Persian masc. proper name, in classical history a son of Xerxes II, also a son of Darius, from Greek Artaxerxes, from Old Persian Artaxšaca, literally "having a kingdom of justice," from arta- "justice" + xšaca "kingdom."
masc. proper name, from Old Norse Rögnvaldr "Having the Gods' Power," from rögn "gods," literally "decreeing powers" (plural of regin "decree") + valdr "ruler" (from Proto-Germanic *waldan, from PIE root *wal- "to be strong").
masc. proper name, from Medieval Latin Venceslaus (modern Czech Vaclav), from Old Czech Veceslavŭ, literally "having greater glory," from Slavic *vetye- "greater" + *-slavu "fame, glory," from PIE *klou-, from root *kleu- "to hear."
name taken from 1718 by French author François Marie Arouet after his imprisonment in the Bastille on suspicion of having written some satirical verses; originally de Voltaire. The signification is uncertain.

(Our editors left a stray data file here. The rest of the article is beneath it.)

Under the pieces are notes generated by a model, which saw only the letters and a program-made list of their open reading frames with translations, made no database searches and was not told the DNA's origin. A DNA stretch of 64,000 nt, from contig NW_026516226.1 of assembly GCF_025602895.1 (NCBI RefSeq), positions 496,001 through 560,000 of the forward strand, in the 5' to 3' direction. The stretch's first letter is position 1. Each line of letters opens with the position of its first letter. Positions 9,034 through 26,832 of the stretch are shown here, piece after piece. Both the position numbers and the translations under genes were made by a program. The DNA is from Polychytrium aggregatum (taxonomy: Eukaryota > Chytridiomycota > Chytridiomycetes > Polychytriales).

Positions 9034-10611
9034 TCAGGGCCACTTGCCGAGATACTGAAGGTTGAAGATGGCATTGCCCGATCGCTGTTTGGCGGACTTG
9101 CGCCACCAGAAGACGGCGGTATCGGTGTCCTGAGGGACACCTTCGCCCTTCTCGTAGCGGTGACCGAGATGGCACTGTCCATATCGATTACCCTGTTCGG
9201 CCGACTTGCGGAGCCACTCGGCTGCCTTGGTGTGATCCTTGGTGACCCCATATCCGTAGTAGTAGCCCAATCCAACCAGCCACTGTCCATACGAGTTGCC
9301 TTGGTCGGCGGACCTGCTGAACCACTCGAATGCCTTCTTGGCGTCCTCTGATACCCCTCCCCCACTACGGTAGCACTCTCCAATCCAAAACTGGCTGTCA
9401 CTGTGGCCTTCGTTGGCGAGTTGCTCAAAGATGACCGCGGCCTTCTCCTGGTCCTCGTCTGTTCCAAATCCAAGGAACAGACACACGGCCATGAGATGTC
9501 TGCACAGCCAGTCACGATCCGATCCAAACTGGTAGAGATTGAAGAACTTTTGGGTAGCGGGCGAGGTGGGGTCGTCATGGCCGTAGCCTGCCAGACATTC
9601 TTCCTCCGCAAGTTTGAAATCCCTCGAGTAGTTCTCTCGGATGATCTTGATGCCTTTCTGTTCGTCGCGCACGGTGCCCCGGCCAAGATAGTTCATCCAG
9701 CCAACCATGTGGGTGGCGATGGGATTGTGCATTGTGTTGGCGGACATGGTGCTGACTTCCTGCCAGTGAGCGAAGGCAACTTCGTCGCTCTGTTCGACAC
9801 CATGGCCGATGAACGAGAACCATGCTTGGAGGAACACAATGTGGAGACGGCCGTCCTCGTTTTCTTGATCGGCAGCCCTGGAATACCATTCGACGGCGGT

fem. proper name, from Greek sōphrōnia, from sōphrōn (genitive sōphrōnos) "discreet, prudent, sensible, having control over sensual desires, moderate, chaste," literally "of sound mind," from sōs "safe, sound, whole" + phrēn "heart, mind" (see phreno-).
named for Schwyz, one of its original cantons. On postage stamps, etc., identified by the Roman name for the region, Helvetia, to avoid having to print the four different forms of the name in the country's four official languages: Suisse, Schweiz, Svizzera, Svizra.
1630s (Socratical is from 1580s), "of or pertaining to Greek philosopher Socrates" (469-399 B.C.E.), especially in reference to his method of eliciting truth by question and answer, from Latin Socraticus, from Greek Sokratikos "pertaining to Socrates or his school." His name is Greek Sokrates, literally "having safe might."
"drunken revelry," 1630s, from the name of the Roman festival held in honor of Bacchus, from neuter plural of Latin bacchanalis "having to do with Bacchus" (q.v.); the festivals became so notorious for excess that they were forbidden by the Senate 186 B.C.E. A participant is a Bacchant (1690s), fem. Bacchante, from French. The plural of both is Bacchantes.